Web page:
To be eligible to be included in the registry, a person must be over 18 years of age, diagnosed with a stroke, and able to understand study risks and provide informed consent.

If you wish to participate click on the link below to sign an electronic informed consent for this research registry. The consent will go over your rights as a participant and will explain the registry in more detail.


Feel free to contact the study coordinators, Morgan Widina or Alexis Skolaris, regarding any questions you may have.



  1. Linder S, Davidson S, Rosenfeldt A, Lee J, Koop MM, Bethoux F, Alberts JL. Forced and voluntary aerobic cycling interventions improve walking capacity in individuals with chronic stroke. Arch Phys Med Rehabil 2020; in press
  2. Abbatemarco J, Griffin A, Jones N, Hartman J, McKee K, Wang Z, Nagel SJ, Machado AG, Bethoux FA. Long-Term Outcomes of Intrathecal Baclofen in Ambulatory Multiple Sclerosis Patients: A Single Center Experience. Multiple Sclerosis Journal. Online First publication July 14, 2020.
  3. Plow M, Packer T, Mathiowetz VG, Preissner K, Ghahari S, Sattar A, Bethoux F, Finlayson M. REFRESH protocol: A noninferiority randomized clinical trial comparing internet and teleconference to in-person “Managing Fatigue” interventions on the impact of fatigue among persons with multiple sclerosis. Accepted for publication in BMJ Open June 2020.
  4. Plow M, Motl RW, Finlayson M, Bethoux F. Intervention Mediators in a Randomized Controlled Trial to Increase Physical Activity and Fatigue Self-management Behaviors Among Adults With Multiple Sclerosis. Ann Behav Med. 2020;54(3):213-21. PMID: 31595300
  5. Motl RW, Backus D, Neil WN, Cutter G, Palmer L, McBurney R, Schmidt H, Bethoux F, Hebert J, Ng A, McCully K, Plummer P. Rationale and design of the STEP for MS Trial: Comparative effectiveness of Supervised versus Telerehabilitation Exercise Programs for Multiple Sclerosis. Contemp Clin Trials 2019;81:110-22. PMID: 31022481.
  6. Streicher MC, Alberts JL, Sutliff MH, Bethoux F. Effects of Physical Therapy Training in an Immersive Virtual Reality System or Traditional Physical Therapy Training in MS Patients: a Case Series. Int J Ther Rehabil 2018;25(10):522-8.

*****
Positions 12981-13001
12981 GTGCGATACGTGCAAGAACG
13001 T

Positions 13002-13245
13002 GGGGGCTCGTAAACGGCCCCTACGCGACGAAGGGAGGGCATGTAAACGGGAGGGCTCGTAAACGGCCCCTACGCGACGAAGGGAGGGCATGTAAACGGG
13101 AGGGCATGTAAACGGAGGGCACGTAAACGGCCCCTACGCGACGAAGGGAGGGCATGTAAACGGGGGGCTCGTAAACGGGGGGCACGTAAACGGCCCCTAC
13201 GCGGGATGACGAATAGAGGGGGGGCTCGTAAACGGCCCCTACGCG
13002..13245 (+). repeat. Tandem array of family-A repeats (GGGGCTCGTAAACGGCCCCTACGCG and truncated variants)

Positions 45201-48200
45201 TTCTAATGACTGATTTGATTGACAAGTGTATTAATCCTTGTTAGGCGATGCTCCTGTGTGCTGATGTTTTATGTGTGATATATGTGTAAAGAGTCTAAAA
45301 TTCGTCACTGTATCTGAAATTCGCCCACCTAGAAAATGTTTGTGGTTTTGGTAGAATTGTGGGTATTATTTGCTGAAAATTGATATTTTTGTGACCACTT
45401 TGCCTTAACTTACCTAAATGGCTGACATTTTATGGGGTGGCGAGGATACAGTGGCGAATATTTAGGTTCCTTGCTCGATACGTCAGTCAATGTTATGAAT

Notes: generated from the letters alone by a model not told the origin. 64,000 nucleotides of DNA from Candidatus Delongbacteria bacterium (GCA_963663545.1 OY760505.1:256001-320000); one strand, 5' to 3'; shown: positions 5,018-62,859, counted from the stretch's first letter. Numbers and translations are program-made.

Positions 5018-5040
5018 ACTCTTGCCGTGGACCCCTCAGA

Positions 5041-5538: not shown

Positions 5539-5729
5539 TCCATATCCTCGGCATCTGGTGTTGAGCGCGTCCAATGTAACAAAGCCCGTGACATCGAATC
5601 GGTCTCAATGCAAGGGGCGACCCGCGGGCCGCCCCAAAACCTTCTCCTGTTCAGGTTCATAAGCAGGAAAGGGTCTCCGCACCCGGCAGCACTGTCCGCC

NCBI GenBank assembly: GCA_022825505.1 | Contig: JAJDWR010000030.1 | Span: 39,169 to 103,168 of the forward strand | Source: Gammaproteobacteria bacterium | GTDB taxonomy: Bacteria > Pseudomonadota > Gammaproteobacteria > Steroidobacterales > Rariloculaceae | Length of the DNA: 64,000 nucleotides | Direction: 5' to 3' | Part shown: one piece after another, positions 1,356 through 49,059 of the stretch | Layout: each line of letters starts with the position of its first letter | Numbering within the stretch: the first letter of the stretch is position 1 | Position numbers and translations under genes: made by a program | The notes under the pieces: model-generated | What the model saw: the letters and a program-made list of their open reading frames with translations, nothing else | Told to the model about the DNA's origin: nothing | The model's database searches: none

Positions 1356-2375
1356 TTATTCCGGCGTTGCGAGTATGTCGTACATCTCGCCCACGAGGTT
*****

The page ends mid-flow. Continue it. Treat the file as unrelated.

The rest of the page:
7. Bethoux F, Varsanik JS, Chevalier TW, Halpern EF, Stough D, Kimmel ZA. Walking Speed Measurement by an Ambient Measurement System (AMS) Correlates with Standard Gait Assessments in Multiple Sclerosis. Gait Posture 2018;61:393-97. PMID: 29454289.
  8. Lee BS, Jones J, Lang M, Achey R, Dai L, Lobel DA, Nagel SJ, Machado AG, Bethoux F. Early outcomes after intrathecal baclofen therapy in ambulatory patients with multiple sclerosis. J Neurosurg 2018;129(4):1056-62. doi: 10.3171/2017.5.JNS162925. PMID: 29192855.Gallagher LM, Bethoux F. Therapeutic use of the arts for Patients with Multiple Sclerosis. US Neurology 2017;13(2):82–9.
  9. Bethoux F, Fatemi A, Fowler E, Marciniak C, Mayadev A, Waksman J, Zackowski K, Suarez G, Blight AR, Rabinowicz AL, and Carrazana E. Safety, tolerability, and sensorimotor effects of extended-release dalfampridine in adults with cerebral palsy: A pilot study. Clin Ther 2017;39(2):337-46.
  10. Yang F, Finlayson M, Bethoux F, Su X, Dillon L, Maldonado HM. Effects of controlled whole-body vibration training in improving fall risk factors among individuals with multiple sclerosis: A pilot study. Disabil Rehabil 2018;40(5):553-60. doi: 10.1080/09638288.2016.1262466.
Members & Collaborations

Members & Collaborations


Cleveland Clinic Affiliations

External Relationships & Collaborations

  • Matthew Plow, PhD Case Western Reserve University